As an ophthalmologist certified by the American Board of Ophthalmology and Fellow of the American Academy of Ophthalmology, Dr. Tomy Starck not only offers the top services in laser vision correction but also offers other ophthalmology services such as routine and comprehensive eye exams as well as cataract surgery and corneal transplants.

  • Cataract
  • Pterygium
  • Cornea Transplant
  • Dry Eye


Over half of people over the age of 60 (and many younger than that) suffer from cataracts. Almost everyone develops cataracts as they grow older. Cataract formations occur at different rates and can affect one or both eyes.

A cataract is a clouding of the eye's natural lens, which lies behind the iris and the pupil.It infers with light passing through the eye to the retina. Aging and other factors cause proteins in the eye's lens to clump together forming these cloudy areas. Early changes may not disturb vision, but over time cataracts typically result in blurred or fuzzy vision and sensitivity to light. People with progressed cataracts often say they feel as if they're looking through a foggy windshield or a piece of wax paper. Surgery needs to be performed when the cataracts have progressed enough to seriously impair the vision and affect the daily life..

Surgery is usually performed on an outpatient basis. A local anesthetic will make the operation painless. Next, under a microscope, a small incision is made into the eye. Microsurgical instruments are used to fragment and suction the cloudy lens from the eye. An acrylic intraocular lens implant is then inserted into the eye to replace the natural lens that was removed. The incision is then closed. When stitches are used, they rarely require removal. Over 95% of cataract surgeries improve vision..

Symptoms of cataracts:

  • Decreasing vision with age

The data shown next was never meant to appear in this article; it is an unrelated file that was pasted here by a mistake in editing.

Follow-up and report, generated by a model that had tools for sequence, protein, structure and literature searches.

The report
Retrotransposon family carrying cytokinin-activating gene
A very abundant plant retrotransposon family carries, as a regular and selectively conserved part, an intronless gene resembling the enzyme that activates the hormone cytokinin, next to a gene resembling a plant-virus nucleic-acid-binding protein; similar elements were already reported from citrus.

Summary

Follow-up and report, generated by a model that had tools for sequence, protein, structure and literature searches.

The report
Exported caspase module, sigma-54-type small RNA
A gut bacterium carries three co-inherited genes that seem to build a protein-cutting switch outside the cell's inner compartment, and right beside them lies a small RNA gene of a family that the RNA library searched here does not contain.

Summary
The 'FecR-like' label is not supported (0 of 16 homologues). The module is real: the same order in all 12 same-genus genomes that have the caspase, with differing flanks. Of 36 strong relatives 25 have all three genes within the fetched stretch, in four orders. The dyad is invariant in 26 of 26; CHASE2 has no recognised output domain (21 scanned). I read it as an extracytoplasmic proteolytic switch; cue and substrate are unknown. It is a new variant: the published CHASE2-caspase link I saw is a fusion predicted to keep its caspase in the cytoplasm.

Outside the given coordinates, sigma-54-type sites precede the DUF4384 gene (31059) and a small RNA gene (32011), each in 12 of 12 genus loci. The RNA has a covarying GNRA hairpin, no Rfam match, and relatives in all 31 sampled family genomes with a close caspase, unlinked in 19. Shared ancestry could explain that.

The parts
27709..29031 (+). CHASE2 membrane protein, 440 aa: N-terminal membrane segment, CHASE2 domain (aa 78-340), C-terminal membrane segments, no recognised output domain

• Blurred or double vision
  • Seeing halos around bright lights
  • Difficulty seeing at night
  • Vision that worsens in sunlight
  • Difficulty distinguishing colors
  • Poor depth perception
  • Frequent prescription changes for glasses
  • Difficulty reading



During the initial cataract surgery procedures the natural lens that had been removed wasn't replaced with an artificial one, so after the surgery it was necessary to wear very thick eyeglasses or special contact lenses in order to see. Since the mid-1960s the lens has been replaced with an Intraocular Lens (IOL) that is surgically implanted in the eye. The lens used for these replacements has been for years a monofocallens meaning they offer vision at one distance only (far, intermediate or near). But with the use of traditional or standard IOLs you must wear eyeglasses or contact lenses in order to read, use a computer or view objects in the middle distance. There are new "bifocal" implants, that allow each eye to see well at near, far, and everything in between so most people will never need glasses again.

One of the options available is theAcrysoft® ReStor multifocal lens, which can improve vision in a full range of distances from far to near.

The AcrysoftReStor lens is a breakthrough lens that lets patients see from far too near usually without glasses. An innovative optical technology called "apodization" makes the AcrysofRestor lens uniquely effective, especially when placed in both eyes. A similar technology has been used for years in microscopes and telescopes to improve image quality and has now been patented for use in intraocular lenses by Alcon®. Ninety four percent of patients that have these lenses said they would have the lenses implanted again and four out of five recipients reported never wearing glasses after having the lens placed in both eyes.

Most people wanting to get rid of bifocals (with or without cataract) is a candidate for this multifocal IOL's or any patient with an otherwise normal eye exam who needs cataract surgery and wants less dependence on glasses.